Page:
Gerard Hoffnung CDs
Messa da Requiem (1833) [63.04]
K. Sojat (soprano)
Jaroslava Horsk-Maxova (mezzo)
Vittorio Giammarrusco (tenor)
Zdenek Hlavka (baritone)
Marcel Rosca (bass)
Prague Chamber Choir
Virtuosi di Praga/Alexander Rahbari
rec. Korunni Studios, Prague, May 1997
teacher, Mayr, devoted a considerable amount of time to
writing sacred music so it should come as no surprise to
find Donizetti turning his hand to writing a Requiem Mass
and doing so in a highly creditable manner. What does come
as a surprise is that it is so little known.
The Requiem was
written at the behest of Donizetti’s publisher Ricordi
in response to Bellini’s sudden death. A planned performance
never took place and it is unlikely that Donizetti ever
heard the work. It remained incomplete, lacking the Sanctus, Benedictus and Agnus
Dei. It has not found its way into the recording studio
with any great frequency. The first recording was on Orfeo
in 1989 with the Bamberg Symphony Orchestra under Miguel
Angel Gomez-Martinez and a young Cheryl Studer as solo
soprano. This recording, re-issued on Hänssler, dates from
1997, seems to be the only other one in the catalogue at
wrote this piece for chorus, orchestra and five soloists
with the male singers getting the bulk of the work. Though
Donizetti includes distinct arias, such as the tenor’s Ingemisco,
he also alternates chorus and solo voices in a very operatic
manner. Also operatic is his use of the soloists in ensemble.
has been relatively free with the text. He alternates the Requiem and Kyrie and
the text of the Kyrie re-appears at the end of the Libera
me. He sets the propers as well as the ordinary including
the Gradual, In memoria aeterna. Like Verdi and
Cherubini he also includes the Dies Irae.
work opens with a sombre brooding prelude which merges
into the Introit: Requiem in aeternam. The dramatic
opening of the Dies Irae, with drum rolls,
fanfares and massive choral statement of the opening words
is pure word-painting. But Donizetti does not do this consistently;
the Tuba mirum movement is rather understated and Ingemisco could
have come straight out of an opera. The Lachrymosa begins
with a fascinating section where the chorus sings homophonically
supported by a moving bass and quiet brass fanfares. This
section concludes the Dies Irae with a large-scale
fugue which put me in mind of the fugues in Rossini’s Petite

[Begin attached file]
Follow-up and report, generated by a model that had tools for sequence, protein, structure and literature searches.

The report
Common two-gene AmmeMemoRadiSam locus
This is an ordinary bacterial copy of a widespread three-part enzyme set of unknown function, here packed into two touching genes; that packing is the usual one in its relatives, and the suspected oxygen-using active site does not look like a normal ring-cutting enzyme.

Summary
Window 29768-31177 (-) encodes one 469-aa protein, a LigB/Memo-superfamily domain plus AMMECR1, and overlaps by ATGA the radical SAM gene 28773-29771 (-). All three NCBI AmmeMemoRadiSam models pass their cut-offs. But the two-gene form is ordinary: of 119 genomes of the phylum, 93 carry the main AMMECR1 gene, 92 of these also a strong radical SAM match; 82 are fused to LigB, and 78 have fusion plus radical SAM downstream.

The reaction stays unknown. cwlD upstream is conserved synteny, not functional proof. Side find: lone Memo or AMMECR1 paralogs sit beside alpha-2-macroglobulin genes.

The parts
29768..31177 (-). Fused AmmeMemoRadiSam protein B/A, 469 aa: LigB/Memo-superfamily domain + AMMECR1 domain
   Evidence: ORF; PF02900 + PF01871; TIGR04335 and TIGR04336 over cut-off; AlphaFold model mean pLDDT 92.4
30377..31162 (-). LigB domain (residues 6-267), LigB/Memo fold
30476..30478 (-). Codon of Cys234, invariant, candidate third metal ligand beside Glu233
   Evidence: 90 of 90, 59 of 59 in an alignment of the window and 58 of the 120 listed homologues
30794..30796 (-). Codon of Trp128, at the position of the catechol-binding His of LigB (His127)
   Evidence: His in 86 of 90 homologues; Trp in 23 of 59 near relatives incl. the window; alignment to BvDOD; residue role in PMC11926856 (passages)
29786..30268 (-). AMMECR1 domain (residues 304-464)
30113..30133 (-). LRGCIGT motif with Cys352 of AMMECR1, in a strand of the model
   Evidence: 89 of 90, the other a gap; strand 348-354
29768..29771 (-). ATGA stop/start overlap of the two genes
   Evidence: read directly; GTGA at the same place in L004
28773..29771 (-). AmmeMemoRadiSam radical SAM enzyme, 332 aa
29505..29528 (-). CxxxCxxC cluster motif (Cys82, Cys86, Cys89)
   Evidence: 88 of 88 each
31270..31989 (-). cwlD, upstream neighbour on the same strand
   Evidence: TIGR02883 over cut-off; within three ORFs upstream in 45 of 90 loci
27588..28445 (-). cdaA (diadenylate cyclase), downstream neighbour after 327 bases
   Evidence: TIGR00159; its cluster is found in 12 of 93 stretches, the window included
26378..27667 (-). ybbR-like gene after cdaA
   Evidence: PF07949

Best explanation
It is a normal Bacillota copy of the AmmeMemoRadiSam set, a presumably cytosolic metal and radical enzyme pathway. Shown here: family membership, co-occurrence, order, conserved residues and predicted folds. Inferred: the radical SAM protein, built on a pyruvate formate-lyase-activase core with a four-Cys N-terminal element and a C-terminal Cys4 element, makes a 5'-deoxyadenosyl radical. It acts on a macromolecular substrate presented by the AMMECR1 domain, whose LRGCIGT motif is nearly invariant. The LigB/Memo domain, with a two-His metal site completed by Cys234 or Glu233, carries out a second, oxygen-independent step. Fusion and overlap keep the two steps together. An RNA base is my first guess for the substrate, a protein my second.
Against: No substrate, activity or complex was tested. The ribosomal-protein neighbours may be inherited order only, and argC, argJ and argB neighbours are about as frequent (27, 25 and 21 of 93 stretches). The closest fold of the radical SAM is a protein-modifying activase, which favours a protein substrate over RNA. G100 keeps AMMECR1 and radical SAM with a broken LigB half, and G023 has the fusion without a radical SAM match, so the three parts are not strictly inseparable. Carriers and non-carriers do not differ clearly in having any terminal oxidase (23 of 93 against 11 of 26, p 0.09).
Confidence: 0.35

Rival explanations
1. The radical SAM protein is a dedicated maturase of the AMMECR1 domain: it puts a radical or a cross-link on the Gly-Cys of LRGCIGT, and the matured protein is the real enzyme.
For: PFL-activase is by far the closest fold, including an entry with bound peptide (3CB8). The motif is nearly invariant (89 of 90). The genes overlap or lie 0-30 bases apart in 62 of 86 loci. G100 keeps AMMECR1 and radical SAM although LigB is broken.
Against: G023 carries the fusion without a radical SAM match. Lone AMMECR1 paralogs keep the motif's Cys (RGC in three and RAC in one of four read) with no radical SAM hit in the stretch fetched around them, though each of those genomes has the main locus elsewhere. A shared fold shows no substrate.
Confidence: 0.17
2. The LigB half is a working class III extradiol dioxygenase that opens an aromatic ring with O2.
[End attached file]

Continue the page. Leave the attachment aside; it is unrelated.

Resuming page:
Messe Solennelle. In fact this piece seems to sit mid-way
between Rossini’s work and Verdi’s Requiem, mixing
the operatic jollity of Rossini with dramatic elements
which pre-figure Verdi.
disposes of the Offertorio largely as a baritone
solo. The Communio (Lux Aeterna) is a short
but dramatic choral outburst and the final Libera me mixes
chorus with solo outbursts to create a satisfying conclusion.
some passages seem to have come from the operatic stage
this Requiem is much more than an assemblage of
operatic excerpts. Donizetti must have been at some pains
to keep the vocal parts relatively simple, eschewing fireworks.
The work has a suitably sombre tone, despite one or two
jolly movements, but lacks the dramatic intensity that
Verdi would bring to the Requiem Mass.
performance by Czech forces under Alexander Rahbari is
largely creditable. The Virtuosi di Praga play confidently
and with not a little style. The Prague Chamber Choir gives
a good account of Donizetti’s substantial choral passages.
Tenor soloist Vittorio Giammarrusco has a pleasant, open
Italian sound and makes good work of his solo. Similarly
bass Zdenek Hlavka and baritone Marcel Rosca acquit themselves
well, providing stylish contributions and some attractive,
if grainy, tone. However the recording falls down when
it comes to the two female soloists, Tiziana K. Sojat and
Jaroslava Horsk-Maxova. Both have typically Slavic voices
with substantial vibratos, dramatic in their own way but
completely unsuitable to the music. Luckily the men get
the lion’s share of the vocal writing.
CD booklet includes the Latin words but seems to have been
assembled by someone unfamiliar with Donizetti’s setting:
the printed words differ from the sung text and the text
for the In memoria aeterna movement is missing.
There is no indication of which passages are choral and
which sung by soloists so that listeners must do their
best to work out which soloist they are hearing.
Donizetti’s Requiem still
seems to lack a good modern recording. Until one arrives
this confident performance is more than adequate, if you
can live with the female soloists’ vibrato.
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